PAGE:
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The Barcelona Review


Blood Grove
Walter Mosley
Mulholland Books, 2021

It’s always exciting to learn a new Easy Rawlins novel is out. If you happen not to know him, Easy is a Black private detective in L.A. and the urban noir landscape he roams is filled with crooks of all stripes, strippers, femmes fatales, sleazy men and women, corrupt cops, FBI with attitude, and some loyal, if dubious, mates to help see him through; while race politics infuses it all. Easy is a WWII vet who saw action in North Africa, Italy and Germany which is where he honed some of his many skills.  He was married once, now divorced, and has two adopted children:  Jesus and Feather. Oh, and he’s also done fairly well for himself in real estate.

This latest is set in L.A. in the late 60s so we get Easy’s take on the counterculture, which gives him some hope; it’s a nice touch that he feels protective of his White hippie neighbors whom he watches routinely water their plants.  The Viet Nam war is still raging, of course, so when a young, White vet named Craig Kilian comes in looking to hire Easy—a vet obviously suffering from PTSD though the expression was not in use at the time—Easy is drawn in to help even though his better instincts tell him it’s all too messy and that perhaps the vet’s story is unreliable.  But “because of that bloody history Craig Kilian was as much my brother in blood as any black man in the U.S. I had to help him because I could see his pain in my mirror.”

It is a confusing tale:  the traumatized young vet says a few days earlier he was camping out in an orange grove, a place he retreated to when the nightmares got too bad.  In the middle of the night, he heard a woman screaming and ran towards a run-down cabin nearby where he found a White woman tied to a tree and a Black man threatening her with a knife. He says he wrestled the knife away from the Black man and, by accident, stabbed him. Next thing he knows, he is knocked out cold from behind and when he awakes, he is alone. He needs to know if he killed the Black man and if the woman is OK.

Meanwhile:  we learn that Easy now lives in a gorgeous round tower atop a mountain in which one must take a funicular to reach, a funicular operated by guards—Sicilian immigrants —who would do anything for him. He lives here as a guest of the owner, a former client, who has left the place to him until not only his death, but the death of his daughter Feather, a teen, who lives with him.  Here I should add that Mosley, for all the luscious noir trappings, will break stereotypes and spring surprises.  Who would expect a Black PI to live in such a lavish environment?  Or to eat oatmeal with raisins and cream in the morning? Or to send his daughter to a private school? Or to drive a Rolls Royce on loan to him when he feels like it?  Mind you, Easy has lived a hard life to get where he is, but he persevered.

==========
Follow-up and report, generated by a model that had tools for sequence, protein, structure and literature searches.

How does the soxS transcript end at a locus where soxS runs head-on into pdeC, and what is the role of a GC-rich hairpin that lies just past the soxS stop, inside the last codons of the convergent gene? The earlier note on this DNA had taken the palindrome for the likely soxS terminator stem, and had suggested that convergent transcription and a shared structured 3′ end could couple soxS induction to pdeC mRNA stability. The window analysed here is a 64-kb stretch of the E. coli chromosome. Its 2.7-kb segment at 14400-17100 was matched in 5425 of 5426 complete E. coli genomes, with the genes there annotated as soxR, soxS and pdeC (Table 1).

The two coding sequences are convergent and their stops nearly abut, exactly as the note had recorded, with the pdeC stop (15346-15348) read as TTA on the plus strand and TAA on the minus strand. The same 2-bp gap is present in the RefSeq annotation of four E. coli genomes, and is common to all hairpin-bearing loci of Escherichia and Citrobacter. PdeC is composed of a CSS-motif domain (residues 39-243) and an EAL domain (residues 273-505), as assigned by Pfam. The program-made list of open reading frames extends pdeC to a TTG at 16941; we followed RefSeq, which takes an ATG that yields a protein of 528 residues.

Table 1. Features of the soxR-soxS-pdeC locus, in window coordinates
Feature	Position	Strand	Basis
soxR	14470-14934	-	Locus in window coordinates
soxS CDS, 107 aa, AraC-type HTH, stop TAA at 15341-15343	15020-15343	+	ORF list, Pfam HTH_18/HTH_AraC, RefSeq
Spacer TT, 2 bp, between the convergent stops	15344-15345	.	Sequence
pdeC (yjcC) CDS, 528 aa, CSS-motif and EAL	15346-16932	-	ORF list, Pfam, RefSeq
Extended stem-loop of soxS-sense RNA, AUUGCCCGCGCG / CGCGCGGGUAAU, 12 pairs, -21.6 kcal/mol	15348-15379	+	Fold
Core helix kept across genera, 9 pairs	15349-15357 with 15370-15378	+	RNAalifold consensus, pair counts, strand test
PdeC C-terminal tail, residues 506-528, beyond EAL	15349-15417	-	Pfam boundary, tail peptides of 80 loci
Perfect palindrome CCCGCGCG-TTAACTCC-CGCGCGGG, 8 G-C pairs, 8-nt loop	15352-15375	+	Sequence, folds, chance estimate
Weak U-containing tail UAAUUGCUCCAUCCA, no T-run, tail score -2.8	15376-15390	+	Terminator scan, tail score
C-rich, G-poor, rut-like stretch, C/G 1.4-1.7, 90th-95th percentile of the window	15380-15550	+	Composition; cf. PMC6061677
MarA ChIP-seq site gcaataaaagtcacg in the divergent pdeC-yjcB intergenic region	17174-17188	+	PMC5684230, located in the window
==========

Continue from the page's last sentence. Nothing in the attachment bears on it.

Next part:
After Craig Kilian, another young man comes to his office;  a hippie who claims he is Feather’s uncle, a revelation which unnerves Easy as his attachment to Feather is strong and fierce.  Then comes a big, rough-looking character who wants to hire Easy to find a woman—a woman, who, it turns out, is the woman who was in the orange grove tied to the tree. Add to this, a myriad cast of characters, including Craig’s mother Lola, an ex-stripper; an elusive woman named Donata Delphine, who was maybe the woman tied to the tree; as well as Mouse, Charcoal Joe and Christmas Black, three old acquaintances of Easy’s who nobody wants to mess with, especially Mouse, a childhood friend who is a stone-cold killer for hire.

And the list continues.  It seems that behind all of this business was a money heist that went south not long after, a heist pulled off by a trio of Black men, making Easy suspect (and subject to police brutality) just for investigating it.  The constant presence of police brutality is something every Black man had to contend with.  Easy tells it like it is, but never lets the cruelty and injustice of it overpower the story. 

As is typical in an Easy Rawlins’ novel, there comes a point where you’re not quite sure what the heck is going on.  But here is where you just settle in for the ride and know that it will become clear enough in the end.  J.A.

© 2021 tbr

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